The waxing gibbous moon shone palely, surprised at its eminence in the sunshine.
There are a number of new ponds in the forest.
They were dug out recently, in the last couple of weeks, so the surrounding ground still bears the scars carved in it by the heavy diggers and has yet to recover. The mallards are quick to discover new waterways. We see these drakes every year. They usually accompany a single duck but she was nowhere to be seen.
Book ends, anyone?
Preening is important. A chap's got to look his best!
Aircraft flew high above, little sound audible in the clear atmosphere.
This one is a British Airways aircraft. How do I know? The BA fleet is the only one whose planes have blue undersides.
Vapour trails dispersed quickly, an indication of a fine day in prospect.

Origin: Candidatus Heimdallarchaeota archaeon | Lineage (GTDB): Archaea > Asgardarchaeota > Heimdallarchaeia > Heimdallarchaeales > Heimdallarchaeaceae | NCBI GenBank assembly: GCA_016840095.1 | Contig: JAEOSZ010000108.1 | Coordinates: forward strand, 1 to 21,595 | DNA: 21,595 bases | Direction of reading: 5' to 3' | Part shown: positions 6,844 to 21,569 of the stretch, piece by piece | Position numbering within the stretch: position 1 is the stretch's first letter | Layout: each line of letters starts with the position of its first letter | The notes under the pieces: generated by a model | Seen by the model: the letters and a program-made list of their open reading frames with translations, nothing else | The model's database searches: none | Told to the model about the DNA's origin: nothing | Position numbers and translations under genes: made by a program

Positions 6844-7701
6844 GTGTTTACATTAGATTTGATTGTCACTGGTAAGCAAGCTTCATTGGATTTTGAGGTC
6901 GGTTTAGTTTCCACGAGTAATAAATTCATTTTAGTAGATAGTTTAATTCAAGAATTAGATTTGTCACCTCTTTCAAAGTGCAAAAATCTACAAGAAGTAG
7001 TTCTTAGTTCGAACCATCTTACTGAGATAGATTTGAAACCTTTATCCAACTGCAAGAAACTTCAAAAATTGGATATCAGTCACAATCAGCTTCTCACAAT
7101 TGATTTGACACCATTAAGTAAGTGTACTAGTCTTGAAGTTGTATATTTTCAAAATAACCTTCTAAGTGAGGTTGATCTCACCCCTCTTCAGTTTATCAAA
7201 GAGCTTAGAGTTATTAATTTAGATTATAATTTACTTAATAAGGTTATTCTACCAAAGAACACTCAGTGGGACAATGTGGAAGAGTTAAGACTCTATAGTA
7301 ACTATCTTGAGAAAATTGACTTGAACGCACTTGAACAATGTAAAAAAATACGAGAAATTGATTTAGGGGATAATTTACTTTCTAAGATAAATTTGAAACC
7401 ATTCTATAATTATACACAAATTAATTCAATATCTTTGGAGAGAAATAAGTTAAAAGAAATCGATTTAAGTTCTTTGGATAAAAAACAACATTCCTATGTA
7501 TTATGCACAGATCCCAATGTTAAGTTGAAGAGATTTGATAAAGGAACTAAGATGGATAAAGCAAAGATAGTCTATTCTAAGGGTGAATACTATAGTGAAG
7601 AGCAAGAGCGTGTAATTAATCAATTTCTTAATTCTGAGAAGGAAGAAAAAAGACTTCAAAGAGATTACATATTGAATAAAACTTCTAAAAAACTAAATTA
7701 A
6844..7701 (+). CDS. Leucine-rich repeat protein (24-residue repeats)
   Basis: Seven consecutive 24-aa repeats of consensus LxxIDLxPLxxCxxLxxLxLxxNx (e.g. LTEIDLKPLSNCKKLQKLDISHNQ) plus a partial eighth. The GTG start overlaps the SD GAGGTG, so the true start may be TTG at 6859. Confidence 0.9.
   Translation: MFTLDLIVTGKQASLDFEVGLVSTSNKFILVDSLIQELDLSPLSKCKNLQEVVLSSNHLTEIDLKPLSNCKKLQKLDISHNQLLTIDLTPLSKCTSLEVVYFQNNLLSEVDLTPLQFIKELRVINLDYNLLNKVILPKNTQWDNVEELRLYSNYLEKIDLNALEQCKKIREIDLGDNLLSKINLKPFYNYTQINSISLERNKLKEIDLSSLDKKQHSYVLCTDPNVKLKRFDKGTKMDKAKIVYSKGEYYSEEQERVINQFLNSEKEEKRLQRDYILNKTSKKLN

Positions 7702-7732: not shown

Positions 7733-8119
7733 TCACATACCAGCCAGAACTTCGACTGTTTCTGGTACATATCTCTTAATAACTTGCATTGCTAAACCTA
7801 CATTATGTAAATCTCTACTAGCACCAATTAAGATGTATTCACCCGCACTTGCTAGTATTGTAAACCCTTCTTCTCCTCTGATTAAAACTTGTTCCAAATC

There had been some logging. The smell of pine resin was quite intoxicating.
Strange fruit in a Scots Pine. Can you see it?
Have a closer look . . . No?
There, now! It looks like an apple or maybe an orange. Odd!
I wasn't with Barry on the day this fruit 'ripened'.
Yes, it's a Kong - the orange thing, not Gus!
The one in the tree? Barry threw it rather enthusiastically and it caught in the branches. So it hangs, being tested by the elements. I wonder how long it will remain there. The Labradors are clever and persistent but tree climbing is not one of their skills - not to twenty feet, anyway.
This is the retrieval ground to which they are accustomed . . .
. . . or this, though this is not strictly 'ground'!
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